Zaw Zaw was also given government contracts for reconstruction of the worst-hit areas, work which is ongoing. Max Myanmar's website says philanthropy is part and parcel of the group's standard operating procedures, including regular donations to educational, health, sports and religious activities.

Rapid expansion
Zaw Zaw originally founded his conglomerate as the Max Myanmar Co in 1993 to import buses from Japan. The company quickly expanded and, according to its website, later became known as the Max Myanmar Groups of companies comprised of six independent enterprises. These include the Trading Co Ltd, Construction Co Ltd, Hotel and Tourism Co Ltd, Manufacturing Co Ltd, Services Co Ltd, and the Gems and Jewelry Co Ltd. Zaw Zaw also owns the Singapore-based Max Singapore International Pte Ltd.

The Construction Co received contracts for some of the construction of the new capital at Naypyidaw in the early 2000s. This included an eight-lane highway and other parts of the remote capital's modern road network. Other projects handled by the company included the repair of sections of the Yangon-Mandalay road in 2009. Max Myanmar was later granted the concession to collect tolls on the road. It also notched the contract to construct a 30,000 seat stadium in Naypyidaw as part of Myanmar's bid to host the 2013 Southeast Asia Games.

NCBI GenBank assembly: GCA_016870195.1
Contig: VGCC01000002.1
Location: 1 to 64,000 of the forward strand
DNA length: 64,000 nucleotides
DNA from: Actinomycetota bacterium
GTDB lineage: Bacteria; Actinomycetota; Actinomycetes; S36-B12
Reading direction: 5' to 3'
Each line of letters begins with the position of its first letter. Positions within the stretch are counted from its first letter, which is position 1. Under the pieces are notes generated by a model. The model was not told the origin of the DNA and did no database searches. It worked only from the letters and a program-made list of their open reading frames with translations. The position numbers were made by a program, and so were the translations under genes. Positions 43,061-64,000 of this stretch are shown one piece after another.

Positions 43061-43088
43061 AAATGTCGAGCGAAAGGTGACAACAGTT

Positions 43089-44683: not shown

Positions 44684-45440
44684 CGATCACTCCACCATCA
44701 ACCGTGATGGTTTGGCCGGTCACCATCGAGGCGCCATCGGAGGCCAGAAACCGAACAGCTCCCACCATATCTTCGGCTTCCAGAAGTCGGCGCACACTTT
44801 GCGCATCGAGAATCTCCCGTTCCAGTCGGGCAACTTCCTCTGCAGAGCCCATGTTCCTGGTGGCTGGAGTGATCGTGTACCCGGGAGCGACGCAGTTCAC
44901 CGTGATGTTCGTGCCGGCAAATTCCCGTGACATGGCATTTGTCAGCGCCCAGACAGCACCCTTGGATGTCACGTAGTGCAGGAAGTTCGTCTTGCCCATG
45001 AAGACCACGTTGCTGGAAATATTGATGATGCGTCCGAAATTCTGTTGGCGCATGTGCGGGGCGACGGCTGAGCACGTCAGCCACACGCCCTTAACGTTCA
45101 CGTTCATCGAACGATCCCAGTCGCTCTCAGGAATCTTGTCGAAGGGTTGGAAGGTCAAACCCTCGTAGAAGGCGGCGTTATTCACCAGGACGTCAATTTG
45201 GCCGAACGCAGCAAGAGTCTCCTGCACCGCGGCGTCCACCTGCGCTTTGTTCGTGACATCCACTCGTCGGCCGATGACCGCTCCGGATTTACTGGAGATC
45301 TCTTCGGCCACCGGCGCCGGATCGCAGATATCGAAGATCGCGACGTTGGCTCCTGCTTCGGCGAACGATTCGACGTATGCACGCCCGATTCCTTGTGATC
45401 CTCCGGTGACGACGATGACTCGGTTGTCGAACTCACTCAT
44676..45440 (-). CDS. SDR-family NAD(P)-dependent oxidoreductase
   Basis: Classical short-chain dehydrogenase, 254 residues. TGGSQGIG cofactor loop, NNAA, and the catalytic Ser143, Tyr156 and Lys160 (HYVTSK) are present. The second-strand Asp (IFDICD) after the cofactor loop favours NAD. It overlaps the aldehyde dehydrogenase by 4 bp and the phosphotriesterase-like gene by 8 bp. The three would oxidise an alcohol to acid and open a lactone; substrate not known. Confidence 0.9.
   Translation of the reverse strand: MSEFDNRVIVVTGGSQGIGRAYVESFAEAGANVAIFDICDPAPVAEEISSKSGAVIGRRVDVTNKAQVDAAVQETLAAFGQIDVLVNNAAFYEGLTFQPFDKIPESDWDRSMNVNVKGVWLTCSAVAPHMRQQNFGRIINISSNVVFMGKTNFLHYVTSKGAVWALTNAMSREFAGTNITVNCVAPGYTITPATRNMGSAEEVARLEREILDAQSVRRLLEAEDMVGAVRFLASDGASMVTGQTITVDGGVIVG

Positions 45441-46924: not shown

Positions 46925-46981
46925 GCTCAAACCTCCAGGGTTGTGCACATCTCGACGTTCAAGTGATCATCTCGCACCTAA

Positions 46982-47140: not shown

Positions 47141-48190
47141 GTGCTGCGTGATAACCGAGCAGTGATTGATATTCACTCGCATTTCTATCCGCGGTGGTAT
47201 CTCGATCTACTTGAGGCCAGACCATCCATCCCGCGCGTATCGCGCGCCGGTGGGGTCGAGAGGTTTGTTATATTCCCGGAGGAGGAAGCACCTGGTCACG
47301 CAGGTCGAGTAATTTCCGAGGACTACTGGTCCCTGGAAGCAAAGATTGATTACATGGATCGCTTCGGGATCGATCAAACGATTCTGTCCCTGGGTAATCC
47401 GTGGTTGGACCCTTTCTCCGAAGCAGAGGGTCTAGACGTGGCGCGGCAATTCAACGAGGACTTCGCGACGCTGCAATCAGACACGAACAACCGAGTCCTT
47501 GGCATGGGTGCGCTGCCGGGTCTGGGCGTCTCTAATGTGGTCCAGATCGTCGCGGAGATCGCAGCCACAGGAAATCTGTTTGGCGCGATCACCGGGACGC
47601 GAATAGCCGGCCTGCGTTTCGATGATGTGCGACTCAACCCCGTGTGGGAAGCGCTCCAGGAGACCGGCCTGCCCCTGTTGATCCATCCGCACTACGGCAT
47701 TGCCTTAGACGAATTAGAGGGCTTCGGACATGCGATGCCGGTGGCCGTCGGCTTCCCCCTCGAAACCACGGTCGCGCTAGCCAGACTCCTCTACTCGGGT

The company's construction operations in Naypyidaw were enhanced in August 2009 with a contract given by the Ministry of Mines to produce limestone which supplies a new Max Myanmar-owned cement factory. According to the leaked US Embassy cable, the cement is expected to be used for the capital's newly expanded airport, now under construction by Steven Law's Asia World Company. Law is another of the regime's favored businessmen.

Zaw Zaw's Hotel and Tourism Co operates the three-star Hotel Max, also known as the Hotel Chaung Tha Beach Resort in the town of Chaung Tha in Ayerawaddy division. The resort is a known favorite of the ruling generals and their associated business elite. The posh Royal Kumudra Hotel in the capital Naypyidaw is also operated by the company.